Bachmann Royal Scots - taking the rough with the smooth
First a couple of views of the prototype from the 1960s, 46132 at Carlisle Citadel (04/08/62) and 46154 at Lime Street maybe in 1962.
No surprise then that when I returned to the hobby that my first purchase was a Mainline Royal Scot. This came from the Morpeth Model Shop in August 1980 and cost £19.00. This was followed in November 1983 by Scots Guardsman from Kings X Models. This came with thinner profile wheels and a semi gloss paint coat for a cost of £27.64. However it still had a Mainline chassis, probably more than one if I remember rightly. I have included below a scanned image of Scots Guardsman taken when new.
Fast forward now to 2008, Scots Guardsman lives on and is now fitted with a replacement Bachmann chassis. The original Mainline Royal Scot has been replaced by the Bachmann train set of the same name.
I am generally very supportive of Bachmann products but Royal Scot was not a happy engine and when first taken out of the box it limped around the track. However on closer inspection it soon became apparent that on one side of the engine the coupling rods were hitting the bottom of the plastic motion bracket. This was not too difficult to remedy and I now have a lovely smooth running model.
The boxed set was purchased new from one the major UK retailers, and this was followed by a couple of 'mint' un-boxed Royal Scot locomotives from off the 'net'. All three engines had the same problem and all were duly modified to produce smooth running models.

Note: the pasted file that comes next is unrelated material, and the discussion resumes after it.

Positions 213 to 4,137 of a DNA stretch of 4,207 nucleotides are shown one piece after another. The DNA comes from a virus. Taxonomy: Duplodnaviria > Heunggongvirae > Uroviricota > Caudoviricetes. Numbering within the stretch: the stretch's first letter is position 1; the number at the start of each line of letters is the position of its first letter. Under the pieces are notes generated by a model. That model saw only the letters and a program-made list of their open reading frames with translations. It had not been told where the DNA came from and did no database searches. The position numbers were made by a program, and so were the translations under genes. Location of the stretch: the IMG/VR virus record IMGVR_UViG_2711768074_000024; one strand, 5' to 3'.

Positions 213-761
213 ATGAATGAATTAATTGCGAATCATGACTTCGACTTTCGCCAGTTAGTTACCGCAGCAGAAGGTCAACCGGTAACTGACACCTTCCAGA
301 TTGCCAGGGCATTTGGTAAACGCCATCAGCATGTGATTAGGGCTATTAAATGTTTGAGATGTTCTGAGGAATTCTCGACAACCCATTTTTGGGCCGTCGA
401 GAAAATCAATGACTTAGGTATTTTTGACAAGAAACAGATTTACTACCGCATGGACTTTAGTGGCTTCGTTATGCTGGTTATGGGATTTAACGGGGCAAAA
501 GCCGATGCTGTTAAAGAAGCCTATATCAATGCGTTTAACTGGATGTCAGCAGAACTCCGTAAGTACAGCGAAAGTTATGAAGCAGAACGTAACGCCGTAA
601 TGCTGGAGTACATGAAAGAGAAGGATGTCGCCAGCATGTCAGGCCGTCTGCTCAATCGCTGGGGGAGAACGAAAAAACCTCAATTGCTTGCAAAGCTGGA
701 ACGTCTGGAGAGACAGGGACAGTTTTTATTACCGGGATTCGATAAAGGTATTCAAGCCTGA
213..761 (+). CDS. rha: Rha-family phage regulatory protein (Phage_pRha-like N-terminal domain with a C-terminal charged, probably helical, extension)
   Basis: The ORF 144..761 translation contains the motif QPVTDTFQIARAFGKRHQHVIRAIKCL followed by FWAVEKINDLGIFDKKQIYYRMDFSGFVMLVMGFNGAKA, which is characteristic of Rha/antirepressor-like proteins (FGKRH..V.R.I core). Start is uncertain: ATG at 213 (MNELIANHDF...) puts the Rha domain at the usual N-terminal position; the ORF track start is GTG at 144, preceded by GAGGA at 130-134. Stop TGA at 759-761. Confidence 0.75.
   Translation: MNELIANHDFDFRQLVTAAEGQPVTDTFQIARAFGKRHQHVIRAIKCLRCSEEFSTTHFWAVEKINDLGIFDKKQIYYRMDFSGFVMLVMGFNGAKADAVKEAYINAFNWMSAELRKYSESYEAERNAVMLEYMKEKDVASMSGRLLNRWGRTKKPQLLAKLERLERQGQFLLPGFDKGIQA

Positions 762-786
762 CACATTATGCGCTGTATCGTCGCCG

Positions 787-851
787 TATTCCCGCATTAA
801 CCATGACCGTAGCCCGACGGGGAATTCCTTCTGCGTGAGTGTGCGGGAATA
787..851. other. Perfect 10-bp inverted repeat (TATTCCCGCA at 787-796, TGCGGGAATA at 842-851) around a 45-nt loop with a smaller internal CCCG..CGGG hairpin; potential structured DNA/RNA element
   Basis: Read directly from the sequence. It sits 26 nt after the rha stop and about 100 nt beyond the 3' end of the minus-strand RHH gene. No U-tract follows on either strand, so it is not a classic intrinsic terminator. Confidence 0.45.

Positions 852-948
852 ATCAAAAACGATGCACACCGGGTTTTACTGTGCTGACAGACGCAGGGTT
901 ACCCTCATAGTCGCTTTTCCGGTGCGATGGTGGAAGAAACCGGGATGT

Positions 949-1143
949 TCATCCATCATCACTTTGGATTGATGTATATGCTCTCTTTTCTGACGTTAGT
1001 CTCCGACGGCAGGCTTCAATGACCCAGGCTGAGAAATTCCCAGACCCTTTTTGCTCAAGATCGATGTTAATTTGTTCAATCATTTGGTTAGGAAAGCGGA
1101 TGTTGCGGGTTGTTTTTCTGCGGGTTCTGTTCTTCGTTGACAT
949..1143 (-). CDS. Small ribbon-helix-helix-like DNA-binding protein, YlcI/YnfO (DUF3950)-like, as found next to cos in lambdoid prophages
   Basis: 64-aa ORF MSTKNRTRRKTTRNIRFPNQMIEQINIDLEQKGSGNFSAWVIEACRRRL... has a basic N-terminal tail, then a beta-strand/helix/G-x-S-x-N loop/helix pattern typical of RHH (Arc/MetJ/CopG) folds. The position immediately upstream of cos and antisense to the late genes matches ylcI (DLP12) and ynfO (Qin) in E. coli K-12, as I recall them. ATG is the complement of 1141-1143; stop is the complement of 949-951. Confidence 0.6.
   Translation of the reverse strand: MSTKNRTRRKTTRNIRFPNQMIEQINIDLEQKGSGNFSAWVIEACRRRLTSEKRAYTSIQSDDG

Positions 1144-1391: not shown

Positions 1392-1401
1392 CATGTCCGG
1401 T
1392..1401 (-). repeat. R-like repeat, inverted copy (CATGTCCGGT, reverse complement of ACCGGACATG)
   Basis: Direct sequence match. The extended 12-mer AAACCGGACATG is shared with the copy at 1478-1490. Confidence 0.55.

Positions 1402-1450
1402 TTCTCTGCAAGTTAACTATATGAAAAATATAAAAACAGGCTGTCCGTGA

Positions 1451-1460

Those of you that have been following this blog will know that for the last few months I have been rather occupied by poppy seeds. Well Christmas was spent playing trains. More specifically time was spent examining purchases from the previous six months. One of my most recent acquisitions was a 'new' Bachmann 'The Ranger'. Should I be surprised - but this had a distinct limp where the connecting rods were hitting the plastic motion bracket. This was the same motion bracket as on the Royal Scots, the one on the right when viewing the locomotive upside down.
I suspect that the hole in the metal casting for attaching the plastic motion bracket has been misplaced during production and that my engines will not be the only such afflicted. The remedy is straight forward. Turn the engine upside down. To make the job easier, unscrew the bottom plate and lift out the front pair of driving wheels. This should then allow access for a craft knife to shave away some of the offending plastic motion bracket:
Whilst the plastic body was 'off' the engine I took the opportunity to add some lead weights:
I hope some of you out there might have found this of interest. Now back to playing trains: